WHAT WE LEARNED: Attacking Sides, Closing it Out and Work Left to Do

FRISCO - A 0-0 draw can often leave a lot to be desired, but there's a lot to takeaway from FC Dallas' stalemate in Portland on Saturday night - most importantly clinching a spot in the postseason.

Before we look ahead to Saturday's home match vs. Orlando City, let's dive into what we learned from #PORvFCD. 


As Dallas continues to try and build through their wings in the attack, Saturday night saw an interesting trend on either side.

Time and time again, FCD would start their attack down the right side with Michael Barrios and an overlapping Reggie Cannon. Dallas, though, couldn’t beat Jorge Villafaña and Diego Chara to get the ball deep. Instead, after a series of short, frequent passes between Barrios, Cannon and Carlos Gruezo, a quick switch of the field to the left side allowed Santiago Mosquera and Marquinhos Pedroso to exploit Alvas Powell on the overload. There, the attack was able to get the depth to the end line they weren’t able to get on the right.

FCD completed passes


FCD incomplete passes

Where FCD still needs to improve is making the connection into the box after that switch. They were able to get into good spaces on the setup, but connecting on that cross into the box still wasn’t working.

Once Powell came out injured in the 62nd minute, Dallas’ attack down the left dried up. Bringing on Zarek Valenitin actually helped shore things up for the Timbers.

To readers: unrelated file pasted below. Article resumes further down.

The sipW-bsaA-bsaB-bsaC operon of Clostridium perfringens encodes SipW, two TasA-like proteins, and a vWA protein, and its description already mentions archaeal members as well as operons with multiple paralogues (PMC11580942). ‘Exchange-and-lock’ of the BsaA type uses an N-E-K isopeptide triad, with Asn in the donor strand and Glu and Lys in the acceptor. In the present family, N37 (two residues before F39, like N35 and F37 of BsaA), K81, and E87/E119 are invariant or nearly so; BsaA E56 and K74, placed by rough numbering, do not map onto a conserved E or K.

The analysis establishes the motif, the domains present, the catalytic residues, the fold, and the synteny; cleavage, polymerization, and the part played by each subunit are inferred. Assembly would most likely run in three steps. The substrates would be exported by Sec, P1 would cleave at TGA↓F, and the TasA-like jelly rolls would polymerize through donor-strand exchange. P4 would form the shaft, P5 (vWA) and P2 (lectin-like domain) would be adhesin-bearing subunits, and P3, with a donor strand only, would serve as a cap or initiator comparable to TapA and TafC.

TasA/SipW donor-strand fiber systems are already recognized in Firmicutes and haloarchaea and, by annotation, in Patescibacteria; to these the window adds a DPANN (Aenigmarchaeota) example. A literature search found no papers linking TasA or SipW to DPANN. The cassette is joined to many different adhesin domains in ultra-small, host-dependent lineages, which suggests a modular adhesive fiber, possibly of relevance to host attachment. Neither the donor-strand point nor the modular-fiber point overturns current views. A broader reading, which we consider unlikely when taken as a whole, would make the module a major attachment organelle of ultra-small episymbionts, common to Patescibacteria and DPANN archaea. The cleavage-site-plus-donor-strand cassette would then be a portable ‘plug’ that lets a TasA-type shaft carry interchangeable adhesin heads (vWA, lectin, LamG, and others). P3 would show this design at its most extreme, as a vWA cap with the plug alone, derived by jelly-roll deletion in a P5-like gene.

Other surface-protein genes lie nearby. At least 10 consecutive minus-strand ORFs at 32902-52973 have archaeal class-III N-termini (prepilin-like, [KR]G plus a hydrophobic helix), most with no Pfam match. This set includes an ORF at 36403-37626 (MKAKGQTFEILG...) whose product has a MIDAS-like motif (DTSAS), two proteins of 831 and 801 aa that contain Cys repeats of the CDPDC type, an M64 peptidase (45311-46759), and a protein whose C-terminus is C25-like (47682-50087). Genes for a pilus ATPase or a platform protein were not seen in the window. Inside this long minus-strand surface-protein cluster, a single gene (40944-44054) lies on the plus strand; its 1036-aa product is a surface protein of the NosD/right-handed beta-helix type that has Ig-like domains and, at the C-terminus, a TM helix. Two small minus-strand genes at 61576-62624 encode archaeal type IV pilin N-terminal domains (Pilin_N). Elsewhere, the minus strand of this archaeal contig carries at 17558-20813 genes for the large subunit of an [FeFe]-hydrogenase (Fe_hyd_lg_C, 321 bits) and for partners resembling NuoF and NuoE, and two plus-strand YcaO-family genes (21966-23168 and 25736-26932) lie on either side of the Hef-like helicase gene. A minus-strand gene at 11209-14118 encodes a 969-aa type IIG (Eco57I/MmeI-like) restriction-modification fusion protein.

Anytime you head to Providence Park, it’s an intense match. Doing so in late September with crucial points on the table for the home side, it might as well be November already.

FCD came out firing on Saturday from the opening whistle, dominating possession in the opening five minutes before the Timbers settled in and controlled much of the following quarter hour. Dallas responded and controlled the ball for the majority of the end-to-end opening frame.

To start the second, the visitors continued their game for the next 20 minutes, creating four shots and a couple promising sequences before Portland began to press for the opener, chasing their own playoff lives.

For the second straight week, Maynor Figueroa came on over the final 10 minutes to create a five-man back line and help secure a point on the road. Last week, it helped open space behind the Vancouver pressure and led to the game-winner. This week, it went just as drawn up, closing out the match with a 0-0 result.

On the road with four weeks to play, a point goes a long way. It was what Dallas needed to clinch their playoff spot and in a two-legged series on the road, it’s what you need as a top seed to get back home at least level on aggregate.

If you’re chasing a game, Pareja would obviously make vastly different substitutions, but in being able to close out two consecutive matches on the road, Dallas is showcasing a new strength in an area where they’ve struggled at times this season.


Holding a four-point lead over the No. 3 spot with four games left, Dallas is left likely six points from securing a top-two seed in the West. Six points would also see Oscar Pareja hit the 60-point mark for the third time in the last four seasons - something he became the first coach to do in back-to-back years in 2015 and 2016.

With a head-to-head meeting vs. Sporting KC three weeks away and SKC also facing LAFC - who hold that No. 3 seed - on Decision Day, . The dropped points over the course of those matches would put one of the three in the driver’s seat for the top spot.

Outside the top three, Seattle is the only team that could throw its hat in the ring for a top spot, but would need to win out and even then, could only reach a 59-point ceiling. Portland and RSL still have to face each other twice with a current 57-point maximum, a number Dallas is three points from.